FROM WHAT TO DO WITH OLD BRIDESMAID DRESSES

Share the goods

There’s a place deep in my closet – behind the Forever 21 cotton sundresses that have been washed and worn so many times that they look like old dust rages – behind the professional office attire I bought at Anne Taylor Loft for my first job and only wore once (because I realized, soon after, that wearing jeans to work was more acceptable than wearing an A-line wool skirt).

Even behind the “I’ll give these away…next time” pile is a crumpled up ball of bridesmaid dresses.

I have a feeling you know what I’m talking about.

I’m talking poofy, tulley, chiffony dresses with enough fabric on them to make formal dresses for an entire sorority. Dresses that cost me more than a month’s grocery bill to pay for an electric bill to alter. All for just six sweaty and make-up filled hours of wear and sometimes even tear.

 So, what do you do with them when the wedding’s over?

I tend to stuff the dress in my travel duffle bag and then unpack it and store it in the way, way back of my closet. Only to be seen again when I decide to finally do some Spring-cleaning in December and reorganize my belongings.

You, my dear, have a couple of options:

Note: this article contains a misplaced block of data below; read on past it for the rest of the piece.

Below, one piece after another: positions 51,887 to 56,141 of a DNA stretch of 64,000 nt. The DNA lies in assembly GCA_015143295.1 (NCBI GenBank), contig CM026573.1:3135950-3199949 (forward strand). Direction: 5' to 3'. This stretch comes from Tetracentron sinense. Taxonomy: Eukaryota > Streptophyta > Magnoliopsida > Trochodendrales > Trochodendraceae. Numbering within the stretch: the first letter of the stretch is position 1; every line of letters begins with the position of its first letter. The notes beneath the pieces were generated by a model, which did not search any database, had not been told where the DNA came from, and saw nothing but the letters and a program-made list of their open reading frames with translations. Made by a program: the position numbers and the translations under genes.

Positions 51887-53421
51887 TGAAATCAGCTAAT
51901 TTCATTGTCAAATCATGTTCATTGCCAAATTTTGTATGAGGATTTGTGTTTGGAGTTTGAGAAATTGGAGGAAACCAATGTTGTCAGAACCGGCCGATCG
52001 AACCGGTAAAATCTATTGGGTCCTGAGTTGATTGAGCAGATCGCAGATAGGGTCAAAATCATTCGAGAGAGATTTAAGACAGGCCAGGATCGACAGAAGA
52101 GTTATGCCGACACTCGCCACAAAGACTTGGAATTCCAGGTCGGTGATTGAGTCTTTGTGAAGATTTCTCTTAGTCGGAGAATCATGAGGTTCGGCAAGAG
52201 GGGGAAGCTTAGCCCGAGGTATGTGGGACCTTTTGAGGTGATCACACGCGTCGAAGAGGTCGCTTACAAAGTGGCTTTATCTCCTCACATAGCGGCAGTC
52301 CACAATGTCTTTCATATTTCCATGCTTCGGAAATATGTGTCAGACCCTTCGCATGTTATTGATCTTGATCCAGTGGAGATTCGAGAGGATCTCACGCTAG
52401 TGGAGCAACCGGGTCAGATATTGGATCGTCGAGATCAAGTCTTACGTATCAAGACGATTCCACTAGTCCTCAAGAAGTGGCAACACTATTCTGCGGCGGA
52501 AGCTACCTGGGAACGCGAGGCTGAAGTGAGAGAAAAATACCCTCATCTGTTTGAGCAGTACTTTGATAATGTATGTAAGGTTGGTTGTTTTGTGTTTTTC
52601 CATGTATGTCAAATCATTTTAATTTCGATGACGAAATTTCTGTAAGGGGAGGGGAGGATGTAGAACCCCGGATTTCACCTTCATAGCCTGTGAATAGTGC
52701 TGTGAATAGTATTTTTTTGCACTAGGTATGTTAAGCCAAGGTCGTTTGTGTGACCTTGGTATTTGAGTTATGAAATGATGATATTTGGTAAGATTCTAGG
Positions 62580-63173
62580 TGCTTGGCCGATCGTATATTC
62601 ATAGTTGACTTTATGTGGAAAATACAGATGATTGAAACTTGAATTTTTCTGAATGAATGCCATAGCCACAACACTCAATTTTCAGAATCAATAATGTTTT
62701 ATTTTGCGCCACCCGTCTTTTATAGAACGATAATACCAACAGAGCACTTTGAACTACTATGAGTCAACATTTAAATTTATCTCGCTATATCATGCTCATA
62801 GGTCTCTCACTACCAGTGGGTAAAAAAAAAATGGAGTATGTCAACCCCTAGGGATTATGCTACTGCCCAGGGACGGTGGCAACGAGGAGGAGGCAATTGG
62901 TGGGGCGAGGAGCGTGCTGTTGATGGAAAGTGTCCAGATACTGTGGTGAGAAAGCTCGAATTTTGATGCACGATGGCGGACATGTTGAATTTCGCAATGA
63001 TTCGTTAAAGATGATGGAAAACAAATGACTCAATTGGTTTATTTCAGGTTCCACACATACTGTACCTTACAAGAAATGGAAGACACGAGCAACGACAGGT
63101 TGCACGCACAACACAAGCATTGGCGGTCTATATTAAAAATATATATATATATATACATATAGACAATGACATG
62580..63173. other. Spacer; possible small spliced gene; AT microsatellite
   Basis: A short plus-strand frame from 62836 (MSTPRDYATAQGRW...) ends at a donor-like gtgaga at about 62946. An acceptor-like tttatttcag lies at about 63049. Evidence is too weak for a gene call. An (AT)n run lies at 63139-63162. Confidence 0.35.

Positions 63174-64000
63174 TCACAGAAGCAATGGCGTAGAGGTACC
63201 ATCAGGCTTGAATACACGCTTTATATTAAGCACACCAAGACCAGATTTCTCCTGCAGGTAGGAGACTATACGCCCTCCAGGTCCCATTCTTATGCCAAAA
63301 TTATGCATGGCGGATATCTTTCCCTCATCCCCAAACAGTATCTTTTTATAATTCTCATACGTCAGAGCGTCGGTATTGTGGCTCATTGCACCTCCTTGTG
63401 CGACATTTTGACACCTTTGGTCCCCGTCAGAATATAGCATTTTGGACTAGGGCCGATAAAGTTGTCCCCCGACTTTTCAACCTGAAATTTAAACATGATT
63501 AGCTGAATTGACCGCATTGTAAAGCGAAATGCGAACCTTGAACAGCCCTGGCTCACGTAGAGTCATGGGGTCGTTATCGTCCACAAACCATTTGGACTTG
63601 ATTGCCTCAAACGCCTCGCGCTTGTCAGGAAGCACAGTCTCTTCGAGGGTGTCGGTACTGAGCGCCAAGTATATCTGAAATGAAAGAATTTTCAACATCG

– You could keep them hanging around, like an old boyfriend you occasionally talk to when you’re feeling lonely once or twice a year during the holiday times.

– Have an ugly bridesmaid dress party/contest with your friends where the winner takes home all the dresses.

Or you could try out one of these things.

I’m Jen Glantz. I’ve been a published writer for over 13 years, spilling my words into magazines (ranging from style to scuba diving), newspapers, websites and even this one time, a speech, for someone who didn’t speak a word of English. What drives my words, my site, my writing, is the power of relating to people. I find that many people, especially young girls, feel so alone and quite often they feel embarrassed. I want to shatter those feelings! I want them to read what I write and understand that it’s okay to be a little outside of the box, but most importantly, that it is okay to just be who they are.

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